In general, they are both willing to bear pain and rigorous training in both physical and psychological. However, stoics support that people should be rational toward the nature since they tend to think logically(logos). More precisely, they tend to support that people should accept all the things without personal emotion. On the other hand, the Cynics suggest that the nature is to be honest. For instance, Cynics don’t believe this whole society since in their mind.
However, in the fight for universal justice, these men needed people to truly agree with their ideas rather than know the personal accounts that led to each man’s beliefs, alling for a persuasivve essay; the only method that would allow for a platform to relate experiences to and and all readers, thus giving the ultimate stage for acceptance. As Thoreau argues to wander from the majority and King encourages acting out in the face of injustice, their genres cross at persuasion. From here, each essay is formatted the same. Thoreau in Civil Disobedience overshadows his personal experiences in prison with the reasons why he was sent there--the protest, the need for it, and the perspective that his jail time was only a small price for an ultimate gift: the end to malpractices in legislation. King in the Letter from Birmingham Jail does open with a direct address to his competition, but even with references to these men, his own family, and his own first and second hand accounts, the letter is clearly a plea to join the fight for civil rights as he discusses the reasoning for his massive movement, the need for national attention, and potential changes yet to be made and courses to reach them.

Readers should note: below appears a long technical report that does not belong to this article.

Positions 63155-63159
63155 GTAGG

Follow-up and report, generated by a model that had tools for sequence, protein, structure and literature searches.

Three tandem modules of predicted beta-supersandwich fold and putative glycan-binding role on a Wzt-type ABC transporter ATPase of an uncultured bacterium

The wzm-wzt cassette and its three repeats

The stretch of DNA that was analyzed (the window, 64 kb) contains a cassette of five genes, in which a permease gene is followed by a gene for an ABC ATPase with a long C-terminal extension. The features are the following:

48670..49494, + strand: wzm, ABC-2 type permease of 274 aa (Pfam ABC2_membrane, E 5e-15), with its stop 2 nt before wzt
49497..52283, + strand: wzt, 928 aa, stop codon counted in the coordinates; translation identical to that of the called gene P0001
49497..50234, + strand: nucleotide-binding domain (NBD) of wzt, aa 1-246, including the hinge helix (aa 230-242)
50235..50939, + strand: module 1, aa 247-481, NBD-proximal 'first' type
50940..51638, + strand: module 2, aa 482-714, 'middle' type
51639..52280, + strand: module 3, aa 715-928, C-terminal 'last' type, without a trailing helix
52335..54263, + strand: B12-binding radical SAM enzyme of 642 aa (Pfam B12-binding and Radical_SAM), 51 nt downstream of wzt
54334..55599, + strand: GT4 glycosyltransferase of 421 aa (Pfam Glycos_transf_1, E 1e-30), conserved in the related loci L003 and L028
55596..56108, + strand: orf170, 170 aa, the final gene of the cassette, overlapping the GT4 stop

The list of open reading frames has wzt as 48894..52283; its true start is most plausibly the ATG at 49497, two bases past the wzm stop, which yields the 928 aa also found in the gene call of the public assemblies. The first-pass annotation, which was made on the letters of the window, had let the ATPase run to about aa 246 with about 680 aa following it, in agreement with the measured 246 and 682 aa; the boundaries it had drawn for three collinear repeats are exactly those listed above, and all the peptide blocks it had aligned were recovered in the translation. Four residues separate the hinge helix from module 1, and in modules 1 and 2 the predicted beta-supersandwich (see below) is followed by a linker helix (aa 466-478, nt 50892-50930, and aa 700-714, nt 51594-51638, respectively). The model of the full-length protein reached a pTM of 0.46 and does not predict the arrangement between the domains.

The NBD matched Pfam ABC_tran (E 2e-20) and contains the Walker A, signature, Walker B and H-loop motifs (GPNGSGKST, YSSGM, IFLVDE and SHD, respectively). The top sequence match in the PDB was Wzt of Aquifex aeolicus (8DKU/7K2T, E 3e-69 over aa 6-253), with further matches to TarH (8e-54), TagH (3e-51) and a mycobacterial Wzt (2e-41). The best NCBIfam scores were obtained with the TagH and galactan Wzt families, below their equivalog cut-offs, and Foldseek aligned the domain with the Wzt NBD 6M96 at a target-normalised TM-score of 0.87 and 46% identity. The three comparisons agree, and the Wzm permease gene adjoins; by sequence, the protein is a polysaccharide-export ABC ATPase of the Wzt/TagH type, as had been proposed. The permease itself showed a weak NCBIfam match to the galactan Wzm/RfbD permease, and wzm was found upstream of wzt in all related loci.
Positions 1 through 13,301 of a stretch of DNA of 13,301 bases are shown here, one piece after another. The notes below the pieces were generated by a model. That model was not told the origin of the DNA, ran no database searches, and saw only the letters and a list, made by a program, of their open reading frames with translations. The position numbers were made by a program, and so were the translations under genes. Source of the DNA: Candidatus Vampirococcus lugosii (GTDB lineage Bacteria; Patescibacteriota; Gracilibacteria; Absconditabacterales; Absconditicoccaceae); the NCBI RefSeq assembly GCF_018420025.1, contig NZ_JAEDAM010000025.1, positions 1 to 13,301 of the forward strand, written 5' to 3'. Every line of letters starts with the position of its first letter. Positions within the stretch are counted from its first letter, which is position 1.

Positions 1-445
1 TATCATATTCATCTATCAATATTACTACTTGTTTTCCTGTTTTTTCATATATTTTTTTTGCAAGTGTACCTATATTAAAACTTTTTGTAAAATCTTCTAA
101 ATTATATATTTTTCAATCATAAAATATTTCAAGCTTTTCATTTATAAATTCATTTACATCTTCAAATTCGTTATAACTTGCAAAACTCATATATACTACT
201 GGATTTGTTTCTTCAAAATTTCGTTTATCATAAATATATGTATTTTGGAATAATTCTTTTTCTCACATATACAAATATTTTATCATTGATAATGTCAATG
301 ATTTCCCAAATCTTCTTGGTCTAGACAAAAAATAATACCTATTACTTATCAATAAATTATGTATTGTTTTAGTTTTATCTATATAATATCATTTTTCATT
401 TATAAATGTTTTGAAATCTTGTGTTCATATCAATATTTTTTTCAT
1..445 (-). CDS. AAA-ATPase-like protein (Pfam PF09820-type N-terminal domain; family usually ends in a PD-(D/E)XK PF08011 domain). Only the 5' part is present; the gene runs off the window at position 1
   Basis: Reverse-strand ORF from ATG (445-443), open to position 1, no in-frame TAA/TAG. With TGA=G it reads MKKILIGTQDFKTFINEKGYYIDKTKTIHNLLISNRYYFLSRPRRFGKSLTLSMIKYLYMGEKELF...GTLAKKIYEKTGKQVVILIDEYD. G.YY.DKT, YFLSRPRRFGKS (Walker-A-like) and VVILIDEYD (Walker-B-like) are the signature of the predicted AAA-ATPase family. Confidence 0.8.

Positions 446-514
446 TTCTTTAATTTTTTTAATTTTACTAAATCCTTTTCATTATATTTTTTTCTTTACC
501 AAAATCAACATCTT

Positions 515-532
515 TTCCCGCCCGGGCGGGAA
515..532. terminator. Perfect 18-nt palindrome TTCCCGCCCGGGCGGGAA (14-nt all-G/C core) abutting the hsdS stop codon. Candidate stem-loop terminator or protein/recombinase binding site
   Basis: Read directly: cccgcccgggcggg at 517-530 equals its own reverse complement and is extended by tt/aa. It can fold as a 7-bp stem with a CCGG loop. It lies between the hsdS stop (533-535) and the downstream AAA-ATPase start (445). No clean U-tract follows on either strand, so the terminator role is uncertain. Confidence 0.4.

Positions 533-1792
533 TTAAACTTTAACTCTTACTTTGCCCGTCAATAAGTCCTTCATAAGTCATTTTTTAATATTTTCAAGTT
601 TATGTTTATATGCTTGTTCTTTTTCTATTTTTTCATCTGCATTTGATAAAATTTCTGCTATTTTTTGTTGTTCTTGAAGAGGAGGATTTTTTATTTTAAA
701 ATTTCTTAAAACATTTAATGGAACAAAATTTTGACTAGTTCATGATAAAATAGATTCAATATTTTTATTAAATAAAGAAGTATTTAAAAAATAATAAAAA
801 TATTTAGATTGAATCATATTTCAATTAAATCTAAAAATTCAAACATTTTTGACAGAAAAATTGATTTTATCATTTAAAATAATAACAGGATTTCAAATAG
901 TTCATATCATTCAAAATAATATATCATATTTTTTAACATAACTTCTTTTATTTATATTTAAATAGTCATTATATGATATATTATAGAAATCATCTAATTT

This can be seen through the officer’s reasoning when he makes his decisions and the traveler’s disapproval of the apparatus. Throughout the story, the officer appears as a man with values and principles, yet acts with total ignorance of either compassion or sympathy because of the power he holds with the apparatus. The officer does not feel responsible for his immorality and in fact, does not see himself as being immoral. He also does not see the point in telling a prisoner the reason why he is being executed. He proudly informs the traveler: “the principle on which I base my decisions is: guilt is always beyond doubt” (Kafka 199).
He states that virtue is an abstract concept and because of that it doesn’t have any real world consequences. Keeping that in mind virtue won’t be an adequate guide to being a politician. Machiavelli even defines it as receiving praise, not have a good moral compass. Doing what is morally right will gain you favor with the people that you’re ruling, but it may only last a short time if there are unforeseen consequences. A leader in charge of a large group of people needs to cast aside their personal moralities and think of the big picture.
Stevenson portrays Jekyll as impotent against his temptations, due to his attempt to purify his soul. On the other hand, he portrays Utterson as one who does not succumb to his desires. Stevenson seldom ever speaks of Utterson’s temptations and instead, focuses more on Jekyll’s pleasure of the “thought of [the] separation of these elements” (61), in order to avoid jeopardizing his reputation. Towards the end of the novella, Stevenson reveals Jekyll’s belief and sole purpose to split humankind’s two natures. Meanwhile, despite the minimal mentions of how Utterson tackles his temptations, Stevenson primarily shows Utterson’s dominance over his desires.